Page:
Everything you Need to Know About Whisky Finishing
Whisky finishing can add another layer to a whisky experience, and the world’s most prestigious whiskies have often undergone finishing. So, what exactly is finishing, and what can it contribute to a whisky? In this article, Parramatta whisky bar Heritage Lounge will be exploring the concept.
As we’ve noted in previous blogs, the cask in which a whisky is matured can have a significant impact on its taste profile and characteristics. Finishing is when a whisky is first matured in one cask, and then transferred to another cask, where it completes its maturation. Typically, this first cask holds the whisky for a period of a decade or two, and is frequently of American Oak (which may have stored bourbon) or European Oak (which has often stored sherry).
The second cask is often a cask that has been used in the wine industry, but it may be more exotic, more exploratory, as its intent is to put the final twist on the finished product. To list just a few examples of possible casks, madeira drums and port pipes may be employed by the distiller. In some cases of more experimental whiskies, even herring and tabasco barrels have finished whiskies.
But given that previous contents are removed prior to decanting the already mature whisky into its new temporary home, how exactly does ‘double maturation’ or ‘wood finishing’ impart characteristics?
It’s a complex question to understand, something understood fully only by few old masters in the distilling industry, but it relates to the wood, and the interactions it has had with what it once held; as well as the size of the cask, the origin of it, and the intangible processes, such as oxygenation and the influence of the wood grains.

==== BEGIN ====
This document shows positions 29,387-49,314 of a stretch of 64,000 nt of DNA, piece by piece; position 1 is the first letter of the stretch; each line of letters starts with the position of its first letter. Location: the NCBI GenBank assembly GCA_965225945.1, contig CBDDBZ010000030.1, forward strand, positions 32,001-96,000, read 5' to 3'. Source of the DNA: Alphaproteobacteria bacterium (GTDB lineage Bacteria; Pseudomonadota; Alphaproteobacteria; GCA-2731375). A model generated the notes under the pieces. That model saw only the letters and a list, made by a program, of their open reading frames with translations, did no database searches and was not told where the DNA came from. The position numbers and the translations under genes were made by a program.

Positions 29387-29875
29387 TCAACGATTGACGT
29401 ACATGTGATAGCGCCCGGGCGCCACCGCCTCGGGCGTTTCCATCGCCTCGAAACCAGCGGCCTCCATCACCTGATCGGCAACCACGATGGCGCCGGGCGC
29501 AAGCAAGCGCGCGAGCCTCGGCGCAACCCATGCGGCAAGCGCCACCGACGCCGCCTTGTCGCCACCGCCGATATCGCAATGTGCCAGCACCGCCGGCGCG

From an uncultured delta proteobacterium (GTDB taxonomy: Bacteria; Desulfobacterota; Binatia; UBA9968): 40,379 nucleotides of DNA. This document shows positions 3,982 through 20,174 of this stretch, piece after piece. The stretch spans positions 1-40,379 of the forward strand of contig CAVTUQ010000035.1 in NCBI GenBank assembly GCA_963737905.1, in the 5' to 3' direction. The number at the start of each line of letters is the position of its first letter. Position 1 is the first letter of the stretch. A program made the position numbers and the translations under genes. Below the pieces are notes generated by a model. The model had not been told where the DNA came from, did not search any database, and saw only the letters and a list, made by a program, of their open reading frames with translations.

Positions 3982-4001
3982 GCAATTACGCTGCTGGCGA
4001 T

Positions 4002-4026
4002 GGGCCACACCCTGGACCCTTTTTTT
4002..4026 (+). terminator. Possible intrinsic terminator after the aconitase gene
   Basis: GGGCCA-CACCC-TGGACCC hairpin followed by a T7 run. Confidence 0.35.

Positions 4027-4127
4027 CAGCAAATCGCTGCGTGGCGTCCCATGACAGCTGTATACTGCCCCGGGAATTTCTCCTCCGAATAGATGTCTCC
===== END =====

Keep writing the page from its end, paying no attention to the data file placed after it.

Besides, any cleaning or clearing that may be undertaken is only partial. It is estimated that around three per cent of the previous contents are retained in the wood after emptying. Three per cent – that just shows this really is about the small differences, the subtleties that can give one whisky an edge over the next.
The maturation process is not as extensive in the finishing phase, pointing to the fact that finishing really is intended to add the final touch. The typical period for finishing ranges from six months to two years. It’s worth noting, too, that finishing is a relatively new phenomenon, emerging to prominence in the 1980s. It is obvious whisky is continuing to evolve, which makes you wonder what untapped distillation processes will be discovered by distillers of the future.
If you have a look at the Vault Menu here at the cocktail bar, pub Parramatta, and pillar of the Sydney Nightlife, Heritage Lounge, you will find a range of finished whiskies to experience. Where to start? The choice is yours, but the Heritage Lounge team recommend the Glenmorangie Grand Vintage Malt, which pushes the limits of finishing. Remember how we said two years was the usual maximum range for a finish? This whisky was finished in casks which once held Bual Madeira for 15 years.